A Race With A Meaning ... Before the Fall of the Towers

Following the Intrepid's annual Tug Races on Sunday, September 2,1 had the opportunity to ride back from Pier 86 on 46th St. in Manhattan to Staten Island on the Janet M. McAllister. I remember sitting on the edge of the tug, the waves slapping against the sides, as the powerful vessel motored south from Midtown Manhattan to the Staten Island port where the company keeps its tugs. I also vividly remember seeing the World Trade Center as I had never before from a tug in the Hudson River. Little did 1 know that this would be the very last time I would ever see them - - for the next time I would view them would be from the roof of my 12-story office building, smoke billowing from the top collapsing in front of my eyes.

The tug, which has been dubbed New York City's most powerful, finished second all-around with a time of five minutes, 23 seconds at this year's Intrepid Tug Races — right behind Tugz's ZTwo, which defended its title as last year's winner. Z-Two crossed the finish line at Pier 86 with a time of five minutes, 17 seconds — better than its winning time last year of seven minutes, 32 seconds.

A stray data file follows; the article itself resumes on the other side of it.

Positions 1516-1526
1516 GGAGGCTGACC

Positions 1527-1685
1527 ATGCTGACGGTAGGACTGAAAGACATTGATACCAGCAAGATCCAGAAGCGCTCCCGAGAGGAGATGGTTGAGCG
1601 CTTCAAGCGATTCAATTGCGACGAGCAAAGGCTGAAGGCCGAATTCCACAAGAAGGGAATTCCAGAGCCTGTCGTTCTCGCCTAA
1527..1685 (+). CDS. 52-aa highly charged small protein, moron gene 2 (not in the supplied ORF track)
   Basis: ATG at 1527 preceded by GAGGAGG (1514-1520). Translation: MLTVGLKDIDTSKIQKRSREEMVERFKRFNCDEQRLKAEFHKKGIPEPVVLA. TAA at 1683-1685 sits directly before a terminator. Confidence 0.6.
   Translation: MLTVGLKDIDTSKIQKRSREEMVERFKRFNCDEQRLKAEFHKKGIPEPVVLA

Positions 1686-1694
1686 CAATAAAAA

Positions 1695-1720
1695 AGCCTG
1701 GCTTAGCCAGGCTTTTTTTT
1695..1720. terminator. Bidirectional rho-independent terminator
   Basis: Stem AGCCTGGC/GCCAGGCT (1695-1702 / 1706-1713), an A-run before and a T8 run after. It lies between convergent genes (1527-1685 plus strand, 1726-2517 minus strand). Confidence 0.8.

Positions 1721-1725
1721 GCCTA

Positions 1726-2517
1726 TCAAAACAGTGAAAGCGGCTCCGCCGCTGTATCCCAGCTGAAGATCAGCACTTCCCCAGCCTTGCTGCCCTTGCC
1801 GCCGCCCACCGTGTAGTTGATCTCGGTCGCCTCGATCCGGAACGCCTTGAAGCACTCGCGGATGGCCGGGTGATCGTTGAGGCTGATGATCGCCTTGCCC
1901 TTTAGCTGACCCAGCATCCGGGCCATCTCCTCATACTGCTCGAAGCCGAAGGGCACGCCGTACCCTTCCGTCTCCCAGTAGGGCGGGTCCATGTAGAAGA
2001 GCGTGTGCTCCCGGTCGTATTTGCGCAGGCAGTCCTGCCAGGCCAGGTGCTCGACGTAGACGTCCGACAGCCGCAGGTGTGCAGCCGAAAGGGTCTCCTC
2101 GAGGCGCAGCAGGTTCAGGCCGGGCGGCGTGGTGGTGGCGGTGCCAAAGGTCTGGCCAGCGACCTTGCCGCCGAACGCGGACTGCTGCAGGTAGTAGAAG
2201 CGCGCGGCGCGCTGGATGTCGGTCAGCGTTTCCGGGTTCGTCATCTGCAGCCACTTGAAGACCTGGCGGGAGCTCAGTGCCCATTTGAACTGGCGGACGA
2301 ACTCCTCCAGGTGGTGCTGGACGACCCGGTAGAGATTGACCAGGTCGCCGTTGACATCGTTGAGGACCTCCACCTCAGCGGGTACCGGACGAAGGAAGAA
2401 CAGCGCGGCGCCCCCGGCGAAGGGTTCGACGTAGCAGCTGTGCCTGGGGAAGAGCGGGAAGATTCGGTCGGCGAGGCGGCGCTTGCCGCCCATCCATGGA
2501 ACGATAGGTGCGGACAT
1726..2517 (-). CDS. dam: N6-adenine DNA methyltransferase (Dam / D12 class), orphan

The tugs lined up at the 79th St. Boat Basin, racing along the Hudson down to the finish line at Intrepid's Pier 86.

Coming in behind the McAllister and Tug-Z vessels were Janice Ann Reinauer, which finished third with a time of five minutes, 38 seconds, and K-Sea's Beaufort Sea finishing fourth.

An interesting twist that developed during the race was that the actual winner (though not formally registered) of the race was Don Jon Marine's Anchor Handling Supply Tug Powhatan with a time of five minutes, seven seconds. The supply vessel, which was a last minute entry managed to pull ahead of its smaller competitors — capturing the title as this year's (unofficial) winner.

— Regina P. Ciardiello

Maritime Reporter Magazine, page 14,  Oct 2001 Janice Ann Rein

Read A Race With A Meaning ... Before the Fall of the Towers in Pdf, Flash or Html5 edition of October 2001 Maritime Reporter

Other stories from October 2001 issue


Maritime Reporter

First published in 1881 Maritime Reporter is the world's largest audited circulation publication serving the global maritime industry.